By Alex Schadenberg, Executive Director, Euthanasia Prevention Coalition
James Reinl, the social affairs correspondent for the Daily Mail, published an article on June 6, wrote an in-depth piece about Princeton University Professor, Peter Singer, who promotes euthanasia in general but also euthanasia of babies born with disabilities.
Reinl explained why people are concerned about Singer:
Princeton University scholar Peter Singer is under fire for promoting euthanasia for adults and even sick newborns as he touts his new book on a tour of the US, Britain, and Australia.
Singer, 76, one of the world’s top living philosophers and an animal rights champion, has stoked fury with his recent vocal support for doctor-assisted killings, including for infants born with terminal conditions.
Critics have slammed Singer’s comments as ‘dangerous eugenics,’ accusing the Australian of undermining the terminally ill and disabled by suggesting they are better off dead.
Reinl quoted Alex Schadenberg concerning Singer:
‘He justifies that certain lives are unworthy of life, and his philosophy undermines the concept of human equality by justifying the killing of people who lack an undefined level of cognitive capacity.’
Reinl points out that Peter Singer is currently on a speaking tour of the US, Britain and Australia. Singer is controversial for and has been protested by the disability community for his views on euthanasia of newborns with disabilities. Reinl writes:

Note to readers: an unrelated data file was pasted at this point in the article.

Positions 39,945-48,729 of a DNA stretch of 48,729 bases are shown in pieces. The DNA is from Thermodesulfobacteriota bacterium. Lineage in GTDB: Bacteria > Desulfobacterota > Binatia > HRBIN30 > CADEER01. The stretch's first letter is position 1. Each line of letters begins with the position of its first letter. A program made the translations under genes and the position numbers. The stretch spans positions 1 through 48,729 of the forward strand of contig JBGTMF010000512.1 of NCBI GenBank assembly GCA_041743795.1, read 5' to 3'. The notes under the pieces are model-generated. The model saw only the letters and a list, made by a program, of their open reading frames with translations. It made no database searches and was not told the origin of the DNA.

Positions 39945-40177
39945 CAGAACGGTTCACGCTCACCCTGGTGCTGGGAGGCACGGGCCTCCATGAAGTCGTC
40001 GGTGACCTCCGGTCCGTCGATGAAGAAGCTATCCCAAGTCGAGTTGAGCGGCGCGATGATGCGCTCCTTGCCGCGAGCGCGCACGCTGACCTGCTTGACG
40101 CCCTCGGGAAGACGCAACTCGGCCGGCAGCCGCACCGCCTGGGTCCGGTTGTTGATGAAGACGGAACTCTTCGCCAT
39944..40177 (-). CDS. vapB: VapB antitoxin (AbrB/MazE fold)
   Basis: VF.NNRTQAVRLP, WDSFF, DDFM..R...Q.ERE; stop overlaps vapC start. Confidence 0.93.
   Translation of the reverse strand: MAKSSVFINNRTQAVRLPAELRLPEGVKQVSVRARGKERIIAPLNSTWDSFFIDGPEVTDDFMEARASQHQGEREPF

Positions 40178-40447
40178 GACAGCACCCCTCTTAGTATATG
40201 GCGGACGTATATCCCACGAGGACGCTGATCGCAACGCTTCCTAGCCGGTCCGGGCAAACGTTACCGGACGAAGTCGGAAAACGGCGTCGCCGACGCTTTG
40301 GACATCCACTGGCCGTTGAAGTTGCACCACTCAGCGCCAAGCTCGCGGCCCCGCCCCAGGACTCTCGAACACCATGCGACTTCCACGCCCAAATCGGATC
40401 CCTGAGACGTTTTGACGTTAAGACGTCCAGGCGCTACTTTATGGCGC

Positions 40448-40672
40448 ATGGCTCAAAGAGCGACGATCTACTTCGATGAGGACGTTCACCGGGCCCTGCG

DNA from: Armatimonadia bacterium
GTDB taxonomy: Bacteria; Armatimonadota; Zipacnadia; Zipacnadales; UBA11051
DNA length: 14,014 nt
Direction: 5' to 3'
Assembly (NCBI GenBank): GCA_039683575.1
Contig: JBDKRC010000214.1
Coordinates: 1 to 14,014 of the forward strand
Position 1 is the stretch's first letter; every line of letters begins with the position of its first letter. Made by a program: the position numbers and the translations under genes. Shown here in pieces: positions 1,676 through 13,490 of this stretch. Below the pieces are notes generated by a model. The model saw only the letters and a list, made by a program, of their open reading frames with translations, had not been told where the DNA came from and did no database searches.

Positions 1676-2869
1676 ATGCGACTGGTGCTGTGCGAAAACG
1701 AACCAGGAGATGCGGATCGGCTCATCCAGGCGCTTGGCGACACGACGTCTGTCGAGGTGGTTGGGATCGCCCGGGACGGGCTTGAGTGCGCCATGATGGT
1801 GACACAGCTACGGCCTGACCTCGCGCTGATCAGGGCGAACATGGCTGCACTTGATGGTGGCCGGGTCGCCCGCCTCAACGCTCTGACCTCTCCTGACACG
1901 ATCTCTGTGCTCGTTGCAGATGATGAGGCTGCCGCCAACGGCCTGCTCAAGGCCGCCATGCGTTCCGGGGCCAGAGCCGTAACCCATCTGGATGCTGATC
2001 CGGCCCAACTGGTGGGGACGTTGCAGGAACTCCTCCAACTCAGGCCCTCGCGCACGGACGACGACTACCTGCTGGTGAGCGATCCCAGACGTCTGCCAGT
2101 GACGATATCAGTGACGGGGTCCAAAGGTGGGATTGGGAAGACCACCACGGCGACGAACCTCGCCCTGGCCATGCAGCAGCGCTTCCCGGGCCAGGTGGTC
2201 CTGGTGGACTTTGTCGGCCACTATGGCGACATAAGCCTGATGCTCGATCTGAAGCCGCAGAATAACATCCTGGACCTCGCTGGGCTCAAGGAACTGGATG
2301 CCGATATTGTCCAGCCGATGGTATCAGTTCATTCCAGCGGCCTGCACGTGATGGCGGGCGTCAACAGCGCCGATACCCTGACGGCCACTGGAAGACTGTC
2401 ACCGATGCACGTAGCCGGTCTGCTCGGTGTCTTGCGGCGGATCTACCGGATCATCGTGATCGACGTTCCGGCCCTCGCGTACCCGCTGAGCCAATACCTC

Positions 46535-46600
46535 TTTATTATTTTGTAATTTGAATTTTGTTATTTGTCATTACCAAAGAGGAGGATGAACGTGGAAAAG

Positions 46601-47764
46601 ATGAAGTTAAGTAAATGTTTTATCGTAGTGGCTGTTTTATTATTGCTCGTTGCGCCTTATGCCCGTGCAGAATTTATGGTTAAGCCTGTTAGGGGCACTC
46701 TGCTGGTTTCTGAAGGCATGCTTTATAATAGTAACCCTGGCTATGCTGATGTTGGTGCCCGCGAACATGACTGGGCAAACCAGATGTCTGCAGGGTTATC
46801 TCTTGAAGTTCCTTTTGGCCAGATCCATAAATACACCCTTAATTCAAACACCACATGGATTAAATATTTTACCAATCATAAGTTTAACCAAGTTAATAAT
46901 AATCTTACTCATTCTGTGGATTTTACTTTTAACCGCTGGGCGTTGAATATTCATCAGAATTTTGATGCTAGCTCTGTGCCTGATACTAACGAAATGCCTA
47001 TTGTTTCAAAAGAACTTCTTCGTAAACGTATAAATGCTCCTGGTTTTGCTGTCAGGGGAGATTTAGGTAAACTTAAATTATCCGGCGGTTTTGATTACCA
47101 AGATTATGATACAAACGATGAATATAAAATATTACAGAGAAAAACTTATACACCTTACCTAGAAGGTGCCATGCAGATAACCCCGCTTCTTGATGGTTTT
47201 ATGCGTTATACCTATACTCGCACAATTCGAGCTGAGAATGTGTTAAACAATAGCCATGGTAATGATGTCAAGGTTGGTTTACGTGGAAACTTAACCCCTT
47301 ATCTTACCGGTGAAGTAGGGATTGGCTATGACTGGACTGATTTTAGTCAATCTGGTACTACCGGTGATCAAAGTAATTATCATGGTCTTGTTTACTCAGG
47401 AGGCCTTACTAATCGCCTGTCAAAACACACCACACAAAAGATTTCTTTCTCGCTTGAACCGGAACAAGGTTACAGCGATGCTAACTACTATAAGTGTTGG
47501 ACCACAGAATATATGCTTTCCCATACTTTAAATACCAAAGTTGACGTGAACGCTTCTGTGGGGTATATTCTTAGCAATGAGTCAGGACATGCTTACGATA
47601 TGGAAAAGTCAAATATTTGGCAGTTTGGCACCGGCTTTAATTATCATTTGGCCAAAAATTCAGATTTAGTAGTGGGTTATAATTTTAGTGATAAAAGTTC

More contentious still, the bioethicist said parents of a newborn with a ‘very severe disability’ should be able to ask doctors to give the child a lethal injection.
‘Parents should still have the option of saying: ‘We think that it’s better that the child should not live,’ and doctors should be able to make sure that happens, to give the child a drug so that the child dies without suffering,’ Singer said.
His comments have provoked outrage among rights activists, who say legalizing euthanasia devalues the lives of disabled people, and prompts doctors to suggest the procedure to those who might not otherwise consider it.
Calling for lethal injections for sick newborns is even more emotive.
Meghan Schrader, 40, an autistic woman and instructor at the University of Texas at Austin, likened Singer’s ‘euthanasia program’ to state-sanctioned killings of disabled people in Nazi Germany.
Schadenberg said promoting euthanasia for newborns is ‘dangerous,’ as Canadian officials are weighing whether to expand access to assisted dying, as it is known, to include the mentally ill and children.
During the Canadian government committee hearings on Canada’s MAiD law, the representative for the Quebec College of Physicians expressed their support for both child euthanasia and the euthanasia of newborns, also known as infanticide.